Curry on rice is often prepared in Japanese homes and school kitchens. It's a favorite with almost everyone, probably because curry goes well with rice, the staple food in Japan. Curry on rice is now almost a national dish, along with
Cooking with curry originated in India, as everyone knows. The British took curry recipes back with them from India around the end of the 1700s, and from England curry spread throughout the world. The recipes gained acceptance as a way to serve meat-flavored with a curried sauce, with rice as a side dish to the meal. Curry powder was first developed and marketed in England in the early 1800s. The powder contains a mixture of different spices, and makes it easy to cook curry-flavored meals in the home.
When curried dishes came to Japan around the end of the 1800s, they were introduced as a type of British cuisine. In those days a meal with curry was a luxury, but the new taste gradually spread to homes and ordinary restaurants in towns and cities. The meal was called by one of two names-
. The recipe for curry on rice originated in the 1910s, and has remained basically the same since then. The curried sauce, which contains more vegetables than meat and is thickened with flour, is served over rice with a relish (often chopped
radish pickled in soy sauce).
Before the war, the military found curry on rice a convenient meal because it can be cooked in large quantities and offers a nutritional balance. Curry on rice only became a common household meal after World War II, thanks to an important development, a mixture of curry spices and flour that could be used for "instant" cooking. The meal is a snap to prepare-just fry the ingredients you want, add water, simmer, then toss in an instant curry bar and dissolve it in the liquid. Curry on rice is easy and cheap to make, which helps explain why it has become regular fare in homes throughout the country.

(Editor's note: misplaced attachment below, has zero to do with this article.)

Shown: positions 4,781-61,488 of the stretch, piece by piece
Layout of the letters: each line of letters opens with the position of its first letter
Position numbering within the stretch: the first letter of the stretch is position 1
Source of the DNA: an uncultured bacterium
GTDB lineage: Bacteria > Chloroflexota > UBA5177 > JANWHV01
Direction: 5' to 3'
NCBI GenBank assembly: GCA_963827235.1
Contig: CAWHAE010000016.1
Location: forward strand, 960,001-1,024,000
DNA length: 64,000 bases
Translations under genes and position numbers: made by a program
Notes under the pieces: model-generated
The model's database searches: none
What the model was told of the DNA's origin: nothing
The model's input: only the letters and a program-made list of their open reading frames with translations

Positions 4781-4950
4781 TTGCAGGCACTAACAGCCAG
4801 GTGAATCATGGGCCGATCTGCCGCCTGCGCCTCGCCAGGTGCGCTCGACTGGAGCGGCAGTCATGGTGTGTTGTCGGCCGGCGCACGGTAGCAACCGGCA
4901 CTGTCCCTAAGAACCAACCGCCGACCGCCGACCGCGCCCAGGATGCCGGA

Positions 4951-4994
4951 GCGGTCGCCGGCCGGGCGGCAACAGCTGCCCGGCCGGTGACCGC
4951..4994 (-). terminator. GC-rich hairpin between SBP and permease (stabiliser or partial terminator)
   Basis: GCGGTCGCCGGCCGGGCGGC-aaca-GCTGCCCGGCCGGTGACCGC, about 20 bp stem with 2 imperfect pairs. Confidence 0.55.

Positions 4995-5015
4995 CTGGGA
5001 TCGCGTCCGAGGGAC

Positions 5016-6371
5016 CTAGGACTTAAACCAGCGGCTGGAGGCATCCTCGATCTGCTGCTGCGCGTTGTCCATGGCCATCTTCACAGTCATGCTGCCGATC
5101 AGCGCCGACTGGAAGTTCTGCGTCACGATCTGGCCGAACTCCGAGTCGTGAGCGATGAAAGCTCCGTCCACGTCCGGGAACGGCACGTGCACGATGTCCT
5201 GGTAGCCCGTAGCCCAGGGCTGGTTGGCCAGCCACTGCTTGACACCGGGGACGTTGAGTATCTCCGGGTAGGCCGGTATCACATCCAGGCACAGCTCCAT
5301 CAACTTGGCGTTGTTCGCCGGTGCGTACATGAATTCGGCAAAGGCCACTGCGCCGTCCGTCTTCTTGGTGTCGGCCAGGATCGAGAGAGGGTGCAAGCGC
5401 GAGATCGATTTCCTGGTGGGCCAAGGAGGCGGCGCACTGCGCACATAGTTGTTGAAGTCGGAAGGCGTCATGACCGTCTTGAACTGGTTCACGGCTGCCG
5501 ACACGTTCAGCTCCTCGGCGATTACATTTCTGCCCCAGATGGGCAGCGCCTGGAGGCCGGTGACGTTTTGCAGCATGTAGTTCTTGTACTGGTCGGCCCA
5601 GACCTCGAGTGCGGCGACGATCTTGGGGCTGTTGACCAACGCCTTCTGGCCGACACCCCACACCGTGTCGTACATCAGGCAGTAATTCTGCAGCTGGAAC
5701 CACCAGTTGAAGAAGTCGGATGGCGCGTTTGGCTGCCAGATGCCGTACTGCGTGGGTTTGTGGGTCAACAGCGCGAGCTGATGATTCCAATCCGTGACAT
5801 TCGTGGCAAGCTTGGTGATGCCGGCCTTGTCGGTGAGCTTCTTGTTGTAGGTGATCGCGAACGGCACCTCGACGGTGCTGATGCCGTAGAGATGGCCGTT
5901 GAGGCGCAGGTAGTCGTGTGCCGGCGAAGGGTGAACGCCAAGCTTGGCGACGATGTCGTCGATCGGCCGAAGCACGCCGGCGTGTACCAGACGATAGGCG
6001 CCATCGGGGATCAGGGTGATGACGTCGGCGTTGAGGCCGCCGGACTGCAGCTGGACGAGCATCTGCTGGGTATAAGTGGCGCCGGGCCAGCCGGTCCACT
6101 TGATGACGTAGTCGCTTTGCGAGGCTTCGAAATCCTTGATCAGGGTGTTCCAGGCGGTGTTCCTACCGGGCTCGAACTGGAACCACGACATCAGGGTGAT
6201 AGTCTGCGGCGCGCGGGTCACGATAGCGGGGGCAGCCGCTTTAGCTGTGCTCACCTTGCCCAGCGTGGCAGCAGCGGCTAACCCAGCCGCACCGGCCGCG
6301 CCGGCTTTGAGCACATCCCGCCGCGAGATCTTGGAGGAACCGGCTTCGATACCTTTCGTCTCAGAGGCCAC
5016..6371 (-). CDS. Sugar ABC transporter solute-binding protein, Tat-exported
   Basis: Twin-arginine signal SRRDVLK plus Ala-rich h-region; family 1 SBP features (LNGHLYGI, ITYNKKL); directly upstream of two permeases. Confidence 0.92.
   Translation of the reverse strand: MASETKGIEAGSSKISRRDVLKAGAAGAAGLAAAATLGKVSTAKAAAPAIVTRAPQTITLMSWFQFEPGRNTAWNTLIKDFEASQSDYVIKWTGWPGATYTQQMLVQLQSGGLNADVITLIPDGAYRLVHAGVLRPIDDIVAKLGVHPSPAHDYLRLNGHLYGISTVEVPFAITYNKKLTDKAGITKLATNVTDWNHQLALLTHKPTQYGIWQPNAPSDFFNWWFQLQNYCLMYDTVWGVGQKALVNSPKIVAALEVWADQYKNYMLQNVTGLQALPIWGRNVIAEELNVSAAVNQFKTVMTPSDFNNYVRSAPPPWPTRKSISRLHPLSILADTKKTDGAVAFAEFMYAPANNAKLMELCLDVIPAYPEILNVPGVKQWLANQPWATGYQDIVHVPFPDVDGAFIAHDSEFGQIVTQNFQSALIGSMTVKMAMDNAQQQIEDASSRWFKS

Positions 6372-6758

Curry on rice is not only served in the home-you'll find different types of curried dishes in commercial districts as well. Almost all restaurants have it on the menu, some noodle shops serve both
(curried wheat noodles) and rice with a curry containing bonito-fish broth, and many bread stores sell
(buns with a curried sauce hidden inside).
Restaurants serving curried dishes from India, Thailand, Indonesia and other countries are gaining in popularity, especially among the young. One of these is Nakamuraya, a well-known restaurant that has offered Indian-style curry in Tokyo's Shinjuku district for the last 74 years. In 1927, the founder, Soma Aizo, learned how to make curry from his son-in-law, Rash Bihari Bose, a leader of the Indian nationalist movement who was living in exile in Japan.
Nakamuraya's curry is thickened naturally with vegetables, not flour. The taste is light, yet full-bodied. It makes for a healthy meal because it uses plenty of spices that are used as herbal medicines, and you won't get tired of it even if you eat it often.
This meal was prepared by Ninomiya Takeshi, the executive director and grand chef of Nakamuraya Restaurant. Since he joined the company 49 years ago, he has been in charge of the menus for Indian curry, the restaurant's specialty. He frequently presents curry cuisine to television audiences and magazine readers.